LAZIO: I don't think so at all. I think, when you're in the Senate, you've got to be able to demonstrate that you can stand up for New York. And New York sends $15 billion a year more to Washington than we get back. Somebody, it seems to me, has got to stand up for New York taxpayers and for New York voters and say, "You know what, we're going to put New York first."

RUSSERT: Also during that debate, I asked Mrs. Clinton about her use of the term "vast right-wing conspiracy." She answered in a very emotional way. I then asked you for a response, and this is what you said.

(BEGIN VIDEO CLIP)

LAZIO: And I think that, frankly, what's so troubling here, with respect to what my opponent just said, is somehow that it only matters what you say when you get caught. And character and trust is about well more than that. And blaming others every time you have responsibility, unfortunately that's become a pattern I think for my opponent.

(END VIDEO CLIP)

RUSSERT: Observers said that you piled on, you should have said, "Tim, Mrs. Clinton has answered the question, let's move on to issues." Why did you choose to make that statement?

LAZIO: I think, first of all, this is a debate, Tim. You've got to understand that people are watching, they want to know what's in your heart, what you think and who you are. And I think it is important that you demonstrate character by doing the right thing when nobody is watching, not just when the eye of the camera is on you. That's the measure of whether or not, I think, people believe that you are a person worthy of trust and character.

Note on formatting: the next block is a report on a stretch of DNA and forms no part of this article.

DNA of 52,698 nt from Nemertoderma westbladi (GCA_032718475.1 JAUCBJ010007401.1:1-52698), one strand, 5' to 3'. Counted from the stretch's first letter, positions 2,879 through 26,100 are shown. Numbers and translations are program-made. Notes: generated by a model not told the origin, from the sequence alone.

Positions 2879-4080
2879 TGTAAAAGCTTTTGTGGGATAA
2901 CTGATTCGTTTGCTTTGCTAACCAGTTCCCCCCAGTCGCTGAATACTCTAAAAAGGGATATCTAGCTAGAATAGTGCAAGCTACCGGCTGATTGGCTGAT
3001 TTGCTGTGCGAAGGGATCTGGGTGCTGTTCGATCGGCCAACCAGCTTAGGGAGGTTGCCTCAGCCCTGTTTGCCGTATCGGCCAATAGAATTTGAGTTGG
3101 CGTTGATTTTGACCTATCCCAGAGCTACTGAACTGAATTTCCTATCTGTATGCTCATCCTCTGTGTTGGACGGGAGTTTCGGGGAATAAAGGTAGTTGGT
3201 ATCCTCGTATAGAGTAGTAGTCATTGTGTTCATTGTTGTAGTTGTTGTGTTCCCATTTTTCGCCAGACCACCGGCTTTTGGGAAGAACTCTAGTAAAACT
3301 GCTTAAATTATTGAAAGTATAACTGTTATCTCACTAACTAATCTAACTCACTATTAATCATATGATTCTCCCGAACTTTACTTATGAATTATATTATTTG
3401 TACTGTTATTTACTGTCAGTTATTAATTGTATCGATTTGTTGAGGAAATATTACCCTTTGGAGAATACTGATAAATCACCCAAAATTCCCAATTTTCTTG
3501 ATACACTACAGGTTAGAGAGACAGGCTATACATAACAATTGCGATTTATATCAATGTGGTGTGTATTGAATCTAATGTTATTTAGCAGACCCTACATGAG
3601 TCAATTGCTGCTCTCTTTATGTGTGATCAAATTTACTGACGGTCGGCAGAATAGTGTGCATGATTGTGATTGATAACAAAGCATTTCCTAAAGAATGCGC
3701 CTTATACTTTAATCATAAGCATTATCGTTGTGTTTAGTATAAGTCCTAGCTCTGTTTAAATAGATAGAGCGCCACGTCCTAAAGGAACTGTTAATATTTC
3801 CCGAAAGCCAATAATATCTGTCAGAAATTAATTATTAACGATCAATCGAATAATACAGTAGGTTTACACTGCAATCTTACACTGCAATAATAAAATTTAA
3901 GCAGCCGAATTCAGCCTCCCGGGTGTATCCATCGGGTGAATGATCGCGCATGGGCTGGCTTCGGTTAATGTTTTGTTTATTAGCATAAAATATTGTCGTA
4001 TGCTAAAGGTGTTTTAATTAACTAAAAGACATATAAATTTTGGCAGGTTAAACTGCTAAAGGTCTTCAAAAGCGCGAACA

RUSSERT: Are you running against Bill Clinton or Hillary Clinton or both?

LAZIO: No, I think that we are running against--there's two people in this race: Rick Lazio and Hillary Clinton. Bill Clinton isn't in this race, Newt Gingrich isn't in this race. Hillary Clinton is in this race and Rick Lazio is in this race, and my record's in this race, what I have done for New York, the things that I've been able to accomplish and deliver for New York, my ability to protect New York on transportation formulas, on the children's health formula, to make sure that we pass legislation, my legislation, to help disabled Americans go back to work and keep their health care benefits.

As somebody that was on the committee that wrote the first balanced budget in a generation, as somebody who's found the kind of balance that I think New Yorkers appreciate, and more importantly, has been able to get the job done. To move past just rhetoric and talk and promises and actually be able to accomplish things by bringing people together, finding common ground, and working in a bipartisan way.

I've been in Congress for eight years now, Tim. I'm not aware of a single thing that Mrs. Clinton has ever done in a bipartisan way. I don't know how you can be an effective senator if you're not willing to be open-minded to work well with others, and to be bipartisan at times.

RUSSERT: You mentioned Newt Gingrich. You were part of his leadership team. An Mrs. Clinton has said repeatedly you voted with Newt Gingrich on issues like Medicare, on issues like education, to the contrary interest of New York state.

Do you believe that Newt Gingrich was a good speaker?

LAZIO: I think he was an important historical figure. I think if it wasn't for the fact that Republicans were able to come into power in 1984, we would never have had a balanced budget. I remember being on the budget committee in 1992 when we were in the minority. Every attempt at trying to restrain spending was defeated along party lines.